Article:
Sam DeVincent loved music and art and began collecting sheet music with lithographs at an early age. Series 4: Songwriters: A "songwriter" for this series is defined as a composer, a lyricist, or both. An overview to the entire DeVincent collection is available here: Sam DeVincent Collection of Illustrated American Sheet Music.
Kraushaar Galleries records
The records of New York City Kraushaar Galleries measure 106.3 linear feet and 0.181 GB and date from 1877 to 2006. Three-fourths of the collection documents the gallery's handling of contemporary American paintings, drawings, and sculpture through correspondence with artists, private collectors, museums, galleries, and other art institutions, interspersed with scattered exhibition catalogs and other materials. Also included are John F. Kraushaar's estate records; artists' files; financial ledgers documenting sales and gallery transactions; consignment and loan records; photographs of artwork; sketchbooks and drawings by James Penney, Louis Bouché, and others; and two scrapbooks. There is a 6.0 linear foot unprocessed addition to this collection donated in 2022 that includes correspondence with artists, galleries, organizations and individuals regarding works of art, filed alphabetically by year. Materials date from circa 1959-1999, with the bulk from 1990-1999.
John Peabody Harrington papers
Harrington was a Bureau of American Ethnology ethnologist involved in the study of over one hundred American tribes. His speciality was linguistics. Most of the material concerns California, southwestern, northwestern tribes and includes ethnological, archeological, historical notes; writings, correspondence, photographs, sound recordings, biological specimens, and other types of documents. Also of concern are general linguistics, sign language, writing systems, writing machines, and sound recordings machines. There is also some material on New World Spanish, Old World languages. In addition, there are many manuscripts of writings that Harrington sketched, partially completed, or even completed but never published. The latter group includes not only writings about anthropological subjects but also histories, ranging from a biography of Geronimo to material on the history of the typewriter. The collection incorporates material of Richard Lynch Garner, Matilda Coxe Stevenson, and others. In his field work, Harrington seems sometimes to have worked within fairly firm formats, this especially being true when he was "rehearing" material, that is in using an informant to verify and correct the work of other researchers. Often, however, the interviews with informants (and this seems to have been the case even with some "rehearings") seem to have been rather free form, for there is a considerable intertwining of subjects. Nevertheless, certain themes frequently appear in his work, including annotated vocabularies concerning flora and fauna and their use, topography, history and biography, kinship, cosmology (including tribal astronomy), religion and philosophy, names and observations concerning neighboring tribes, sex and age division, material culture, legends, and songs. The fullness of such materials seems to have been limited only by the time Harrington had to spend with a goup and the knowledge of his informants.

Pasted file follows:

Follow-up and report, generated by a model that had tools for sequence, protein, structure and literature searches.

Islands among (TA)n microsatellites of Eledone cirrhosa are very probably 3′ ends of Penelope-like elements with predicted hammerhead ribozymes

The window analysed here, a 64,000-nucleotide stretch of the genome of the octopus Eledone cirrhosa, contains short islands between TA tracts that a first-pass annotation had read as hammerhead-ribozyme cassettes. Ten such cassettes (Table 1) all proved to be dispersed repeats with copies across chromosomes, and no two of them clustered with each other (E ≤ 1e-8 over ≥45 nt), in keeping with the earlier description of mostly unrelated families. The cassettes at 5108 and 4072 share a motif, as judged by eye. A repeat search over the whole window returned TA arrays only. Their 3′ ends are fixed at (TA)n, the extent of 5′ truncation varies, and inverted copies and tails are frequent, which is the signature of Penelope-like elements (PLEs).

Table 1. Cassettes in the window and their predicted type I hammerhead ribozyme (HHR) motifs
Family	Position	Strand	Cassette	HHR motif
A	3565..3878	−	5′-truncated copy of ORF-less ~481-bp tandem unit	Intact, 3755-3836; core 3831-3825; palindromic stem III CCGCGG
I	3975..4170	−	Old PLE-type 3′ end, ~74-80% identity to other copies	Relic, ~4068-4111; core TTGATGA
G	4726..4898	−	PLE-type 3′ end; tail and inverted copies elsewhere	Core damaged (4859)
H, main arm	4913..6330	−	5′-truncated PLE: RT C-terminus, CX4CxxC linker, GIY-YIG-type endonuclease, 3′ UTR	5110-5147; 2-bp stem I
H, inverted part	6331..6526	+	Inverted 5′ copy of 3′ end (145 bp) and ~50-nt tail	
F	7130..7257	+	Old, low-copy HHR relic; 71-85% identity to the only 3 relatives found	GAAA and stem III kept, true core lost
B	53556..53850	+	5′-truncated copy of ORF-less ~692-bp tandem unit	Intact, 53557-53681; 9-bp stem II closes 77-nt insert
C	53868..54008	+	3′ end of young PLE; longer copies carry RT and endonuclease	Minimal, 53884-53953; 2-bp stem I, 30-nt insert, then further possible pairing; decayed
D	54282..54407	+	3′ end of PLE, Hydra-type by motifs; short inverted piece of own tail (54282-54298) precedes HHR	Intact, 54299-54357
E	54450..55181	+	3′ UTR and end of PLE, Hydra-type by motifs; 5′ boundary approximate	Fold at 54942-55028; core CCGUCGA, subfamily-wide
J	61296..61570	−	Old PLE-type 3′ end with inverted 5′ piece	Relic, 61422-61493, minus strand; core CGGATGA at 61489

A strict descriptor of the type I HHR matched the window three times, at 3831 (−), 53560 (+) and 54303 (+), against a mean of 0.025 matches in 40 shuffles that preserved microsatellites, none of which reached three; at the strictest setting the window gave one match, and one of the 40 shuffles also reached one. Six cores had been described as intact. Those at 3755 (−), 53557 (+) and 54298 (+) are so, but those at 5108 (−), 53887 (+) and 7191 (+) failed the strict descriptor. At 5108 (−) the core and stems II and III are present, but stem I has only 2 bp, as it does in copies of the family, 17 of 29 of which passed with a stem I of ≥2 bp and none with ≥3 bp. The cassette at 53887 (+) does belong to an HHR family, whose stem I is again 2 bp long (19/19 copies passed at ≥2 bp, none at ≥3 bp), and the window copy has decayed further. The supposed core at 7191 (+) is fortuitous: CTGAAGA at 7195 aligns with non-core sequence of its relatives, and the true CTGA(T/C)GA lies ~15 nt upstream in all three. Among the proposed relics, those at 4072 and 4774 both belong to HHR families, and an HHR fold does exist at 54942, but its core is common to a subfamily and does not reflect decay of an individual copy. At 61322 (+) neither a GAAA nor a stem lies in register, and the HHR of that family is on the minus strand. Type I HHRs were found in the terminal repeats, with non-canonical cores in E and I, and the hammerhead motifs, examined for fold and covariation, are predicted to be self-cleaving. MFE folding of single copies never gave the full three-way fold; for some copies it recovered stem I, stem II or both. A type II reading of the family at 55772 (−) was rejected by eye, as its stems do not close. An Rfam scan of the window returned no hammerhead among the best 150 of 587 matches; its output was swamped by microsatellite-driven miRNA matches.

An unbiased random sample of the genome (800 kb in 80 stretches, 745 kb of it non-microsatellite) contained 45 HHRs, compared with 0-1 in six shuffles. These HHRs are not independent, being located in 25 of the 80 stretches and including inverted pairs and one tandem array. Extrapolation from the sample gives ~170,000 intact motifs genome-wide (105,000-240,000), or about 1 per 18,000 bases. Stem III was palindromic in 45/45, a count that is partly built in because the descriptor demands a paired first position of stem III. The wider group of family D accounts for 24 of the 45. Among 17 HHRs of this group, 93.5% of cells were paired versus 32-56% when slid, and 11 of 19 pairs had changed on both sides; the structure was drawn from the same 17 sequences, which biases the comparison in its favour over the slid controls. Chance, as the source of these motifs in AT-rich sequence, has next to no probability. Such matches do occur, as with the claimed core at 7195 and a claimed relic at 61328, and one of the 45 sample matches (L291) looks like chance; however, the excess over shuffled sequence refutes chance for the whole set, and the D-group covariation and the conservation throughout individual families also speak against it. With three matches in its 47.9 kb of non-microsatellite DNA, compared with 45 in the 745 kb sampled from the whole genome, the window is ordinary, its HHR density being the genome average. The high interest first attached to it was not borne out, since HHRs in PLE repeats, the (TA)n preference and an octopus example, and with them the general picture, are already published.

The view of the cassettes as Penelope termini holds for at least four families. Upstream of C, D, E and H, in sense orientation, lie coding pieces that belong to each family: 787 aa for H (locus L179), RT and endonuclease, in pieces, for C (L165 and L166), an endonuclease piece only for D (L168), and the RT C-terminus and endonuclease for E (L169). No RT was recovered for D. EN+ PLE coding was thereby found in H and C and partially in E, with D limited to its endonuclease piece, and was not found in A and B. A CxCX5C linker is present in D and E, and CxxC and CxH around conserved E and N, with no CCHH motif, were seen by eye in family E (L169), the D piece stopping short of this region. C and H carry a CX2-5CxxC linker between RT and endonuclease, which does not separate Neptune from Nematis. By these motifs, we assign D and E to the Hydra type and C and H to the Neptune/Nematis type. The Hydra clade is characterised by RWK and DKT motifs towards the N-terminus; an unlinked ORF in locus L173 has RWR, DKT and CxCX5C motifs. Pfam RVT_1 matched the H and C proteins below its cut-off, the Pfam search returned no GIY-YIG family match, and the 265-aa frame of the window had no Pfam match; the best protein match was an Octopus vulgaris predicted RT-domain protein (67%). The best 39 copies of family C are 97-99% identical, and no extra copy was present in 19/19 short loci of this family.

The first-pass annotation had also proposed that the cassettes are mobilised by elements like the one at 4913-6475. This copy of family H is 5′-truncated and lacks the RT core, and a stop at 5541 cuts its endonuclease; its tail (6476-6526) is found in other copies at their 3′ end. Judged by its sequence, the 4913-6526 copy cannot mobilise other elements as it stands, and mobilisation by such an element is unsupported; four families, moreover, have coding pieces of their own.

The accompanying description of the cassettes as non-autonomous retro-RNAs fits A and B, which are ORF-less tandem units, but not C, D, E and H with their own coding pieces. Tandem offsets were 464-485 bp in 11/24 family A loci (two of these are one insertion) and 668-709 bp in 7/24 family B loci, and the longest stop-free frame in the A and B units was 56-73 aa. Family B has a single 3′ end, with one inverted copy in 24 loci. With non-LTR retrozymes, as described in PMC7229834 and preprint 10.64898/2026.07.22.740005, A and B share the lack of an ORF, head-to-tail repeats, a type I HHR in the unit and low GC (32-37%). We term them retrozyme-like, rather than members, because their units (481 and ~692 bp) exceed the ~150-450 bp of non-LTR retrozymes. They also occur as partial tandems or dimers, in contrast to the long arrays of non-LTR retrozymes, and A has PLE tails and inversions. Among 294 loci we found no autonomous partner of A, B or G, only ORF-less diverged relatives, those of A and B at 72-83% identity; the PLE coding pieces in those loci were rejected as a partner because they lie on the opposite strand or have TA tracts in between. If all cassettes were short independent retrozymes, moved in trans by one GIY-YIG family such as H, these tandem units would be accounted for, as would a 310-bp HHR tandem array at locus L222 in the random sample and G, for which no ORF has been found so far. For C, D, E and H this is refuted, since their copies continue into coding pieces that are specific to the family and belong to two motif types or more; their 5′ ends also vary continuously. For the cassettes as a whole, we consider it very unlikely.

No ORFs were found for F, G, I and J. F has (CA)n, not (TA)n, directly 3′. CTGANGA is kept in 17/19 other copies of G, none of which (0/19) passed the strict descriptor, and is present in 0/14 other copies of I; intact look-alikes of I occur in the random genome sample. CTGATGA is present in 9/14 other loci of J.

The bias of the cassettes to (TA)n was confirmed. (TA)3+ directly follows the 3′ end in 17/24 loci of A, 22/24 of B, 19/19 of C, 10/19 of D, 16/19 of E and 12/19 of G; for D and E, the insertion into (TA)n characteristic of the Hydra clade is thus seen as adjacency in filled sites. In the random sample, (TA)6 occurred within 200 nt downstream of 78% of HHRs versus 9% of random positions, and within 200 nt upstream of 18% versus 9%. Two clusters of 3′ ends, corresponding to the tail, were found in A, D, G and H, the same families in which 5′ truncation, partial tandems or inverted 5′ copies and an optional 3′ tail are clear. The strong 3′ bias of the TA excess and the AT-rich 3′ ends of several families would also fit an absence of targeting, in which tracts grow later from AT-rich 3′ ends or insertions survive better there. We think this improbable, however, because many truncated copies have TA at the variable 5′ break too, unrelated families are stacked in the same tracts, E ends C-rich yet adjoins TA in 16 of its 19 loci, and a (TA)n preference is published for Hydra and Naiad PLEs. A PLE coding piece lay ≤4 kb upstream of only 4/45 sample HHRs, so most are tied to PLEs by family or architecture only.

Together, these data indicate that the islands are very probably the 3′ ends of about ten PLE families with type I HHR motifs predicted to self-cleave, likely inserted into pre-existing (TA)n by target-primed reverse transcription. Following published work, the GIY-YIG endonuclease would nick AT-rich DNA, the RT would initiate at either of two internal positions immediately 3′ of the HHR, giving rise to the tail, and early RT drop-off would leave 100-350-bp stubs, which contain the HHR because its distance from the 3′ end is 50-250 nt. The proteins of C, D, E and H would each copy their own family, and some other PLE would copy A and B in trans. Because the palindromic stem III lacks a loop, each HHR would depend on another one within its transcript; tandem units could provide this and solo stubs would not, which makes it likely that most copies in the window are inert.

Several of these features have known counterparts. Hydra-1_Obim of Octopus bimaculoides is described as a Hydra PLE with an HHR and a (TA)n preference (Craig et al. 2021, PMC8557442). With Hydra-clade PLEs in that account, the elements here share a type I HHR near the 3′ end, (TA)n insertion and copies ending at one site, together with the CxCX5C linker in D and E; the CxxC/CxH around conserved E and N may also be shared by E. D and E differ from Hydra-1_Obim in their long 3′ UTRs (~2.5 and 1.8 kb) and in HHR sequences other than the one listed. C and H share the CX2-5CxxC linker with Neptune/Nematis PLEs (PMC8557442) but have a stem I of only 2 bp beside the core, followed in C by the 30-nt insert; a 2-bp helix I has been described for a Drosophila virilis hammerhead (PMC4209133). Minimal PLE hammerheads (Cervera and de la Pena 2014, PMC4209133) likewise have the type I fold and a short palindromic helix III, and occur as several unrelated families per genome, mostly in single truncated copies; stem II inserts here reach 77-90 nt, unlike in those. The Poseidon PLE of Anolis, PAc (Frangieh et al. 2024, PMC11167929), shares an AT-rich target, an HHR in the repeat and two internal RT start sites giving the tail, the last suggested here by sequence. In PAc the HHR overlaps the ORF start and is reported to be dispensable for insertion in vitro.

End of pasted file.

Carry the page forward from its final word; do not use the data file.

Sam DeVincent Collection of Illustrated American Sheet Music, Series 16: Country, Western, and Folk Music
Sam DeVincent loved music and art and began collecting sheet music with lithographs at an early age. Series 16: Country, Western, and Folk Music contains approximately 11,500 pieces of sheet music and other materials documenting the development of and popular attitudes towards country, western, and folk music in the United States. An overview to the entire DeVincent collection is available here: Sam DeVincent Collection of Illustrated American Sheet Music.